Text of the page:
the Iranians are better than others at talking and chewing gum at the same time as the American expression, they're not as omnipotent and powerful as strategic as, some people like to believe they often benefit from the ineptitude of their adversaries, but they're quite good, at maintaining their course and thinking strategically and biding their time. Furthermore, they're also very good at buying time, not just biding their time, but buying time and using chaos to their advantage. They are under tremendous pressure. And what they've had to deal with over the last 12 months or so is quite unusual protests in Lebanon, which were initially against the corrupt political establishment, but also very quickly, included Hezbollah in that because Hezbollah has become part of the political establishment. So protests in Lebanon that were indirectly threatening Iran protests in Iraq, where Iran was very much the direct target of the anger and the ire of protesters on the streets and protests in Iran at the same time, all of that was happening at the same time. And there was a chant on the streets of Beirut from, Tehrain to Beirut one revolution that does not die.
Kim Ghattas (24:56):
So that was quite the challenge for them. And then, and I think it was quite the challenge for Qasem Soleimani the head of the Qudz force of the paramilitary arm of the Iranian revolutionary guards, who was then killed in a targeted strike by, by the US in January that has caused some reshuffling of the deck, um, who is up or who is down. and so it's been just an ongoing series of moves to pressure, uh, Iran, but in Lebanon . The pandemic helped. It helped curve the protests in Iran, the pandemic help curb the protests in Iraq as well. And now with the latest moves in Lebanon by the French president Macron's visit. But even by the US I would say the Iranians on Hezbollah have just bought themselves more time because the international community is demanding reform, not wholesale change. It has put the issueof Hezbollah a little bit to the side, as long as they allow reforms. And so the pressure is off just a little bit, but they're not out of the woods yet. And they're also, I think, going to be very concerned about how the next months unfold and particularly, they'll be very concerned if president Trump wins because they realize then that the pressure is only going to continue. Whereas if Joe Biden wins, there's more opportunity to buy time again, uh, with some kind of negotiations,
Laura Lucas Magnuson (26:38):
These challenges fundamentally shifted the balance of power between Saudi Arabia and Iran You mentioned the upcoming US election, for instance,
Kim Ghattas (26:45):
unless there is a dramatic event within Iran or within Syria or a dramatic event, like a US strike or an Israeli strike really overtly, not sabotage against Iran. Um, I don't see a shift in the power of balance between these two countries in the near future. Perhaps if a President Trump wins, there might be a crescendo of pressure on Iran, uh, with the help of Israel and the UAE answer driver that could eventually lead Iran either towards, uh, negotiations, um, with a very bad set of cards for, for Iran, very little room to maneuver, or, uh, potentially an implosion within Iran, from the pressure with an outburst of protests. I don't see that scenario, under a Biden presidency, which is why to be honest, it's important for listeners in the US or elsewhere to, to know that there are a lot of people around me who are hoping for the Trump second mandate for second presidencies. Second Trump presidency, regardless of the consequences for America or the rest of the world, because their focus is so much on Iran, that they want the pressure on Iran to continue, and therefore they want a second Trump presidency. There are other things that could happen that could take us by surprise in Saudi Arabia. Um, you know, Muhammad Bin Salman is young and he, if he is exceeds to the throne, he could rule for 50 years, but it's a Viper's nest he could face quite a bit of quite a few challenges in a searching, continuing to assert his power both now, or, or if he aceds to thethrone later. So barring unexpected move like that. I see just more the same and no real change in the shift, in the balance of power between the two countries, it.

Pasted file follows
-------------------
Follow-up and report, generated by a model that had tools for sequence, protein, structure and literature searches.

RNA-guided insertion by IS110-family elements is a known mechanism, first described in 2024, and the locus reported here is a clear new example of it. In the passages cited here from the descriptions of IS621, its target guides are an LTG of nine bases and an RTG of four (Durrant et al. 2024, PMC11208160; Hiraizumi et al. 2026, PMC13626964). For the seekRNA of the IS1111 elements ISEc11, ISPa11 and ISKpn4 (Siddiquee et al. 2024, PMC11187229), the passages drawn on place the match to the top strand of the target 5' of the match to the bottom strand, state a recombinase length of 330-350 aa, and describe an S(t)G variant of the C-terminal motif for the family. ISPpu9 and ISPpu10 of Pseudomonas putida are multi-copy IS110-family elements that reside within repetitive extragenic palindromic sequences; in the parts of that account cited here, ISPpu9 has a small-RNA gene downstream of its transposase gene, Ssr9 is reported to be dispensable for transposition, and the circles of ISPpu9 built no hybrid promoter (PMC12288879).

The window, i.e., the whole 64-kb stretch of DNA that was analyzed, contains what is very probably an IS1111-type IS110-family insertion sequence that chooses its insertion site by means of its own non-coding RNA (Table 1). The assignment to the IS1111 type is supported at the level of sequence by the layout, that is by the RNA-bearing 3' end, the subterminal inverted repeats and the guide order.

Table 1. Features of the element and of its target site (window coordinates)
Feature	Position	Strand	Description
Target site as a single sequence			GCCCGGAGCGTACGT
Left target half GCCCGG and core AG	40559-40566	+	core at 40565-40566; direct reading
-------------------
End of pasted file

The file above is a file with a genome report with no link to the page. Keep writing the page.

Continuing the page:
Laura Lucas Magnuson (29:06):
We will be right back to look at how these current challenges might impact the region.
Speaker 5 (29:16):
Laura Lucas Magnuson (29:18):
Kim. This podcast is part of a larger Carnegie digital magazine called the day after navigating a post pandemic world in which scholars from across our global network consider what's next, whether for the Arab world on cybersecurity or the future of us, China relations, obviously we're a long way from a return to normalcy in that post pandemic world. We all seek, but what big questions Should Arab governments be asking themselves now, in terms of what's next
Kim Ghattas (29:47):
Arab governments should be asking themselves the same questions that they should have been asking themselves over the last few decades. Do we want to continue to play silly power games, um, continue to, uh, hold on to power at all costs, or do we want to serve our citizens, build productive societies that produce happy, productive citizens that can live with dignity, um, justice and freedom of expression and jobs. I don't see that the pandemic has focused people's minds on these essential questions, but what it has done is, um, made it even more obvious to citizens, to people in the region that their governments are not delivering for them. You know, there are big issues that are not being addressed. You know, um, the IMF estimates, very sharp contraction in economies in the Gulf by 4%. Um, the dependence on migrant workers in the Gulf is going to have to be revisited because travel isn't what it used to be migrant workers cant come and go. They've been stuck in the Gulf without pay the way they've been treated has been absolutely atrocious, including, especially in Saudi Arabia, um, migrant workers from Africa thrown in, in rooms, naked, half naked, barely fed, beaten up. This cannot be a way to build the economies of the 21st century. So I know it sounds almost basic and naive to say that Arab governments really need to ask themselves what kind of societies, what kind of nations they want to build in the 21st century.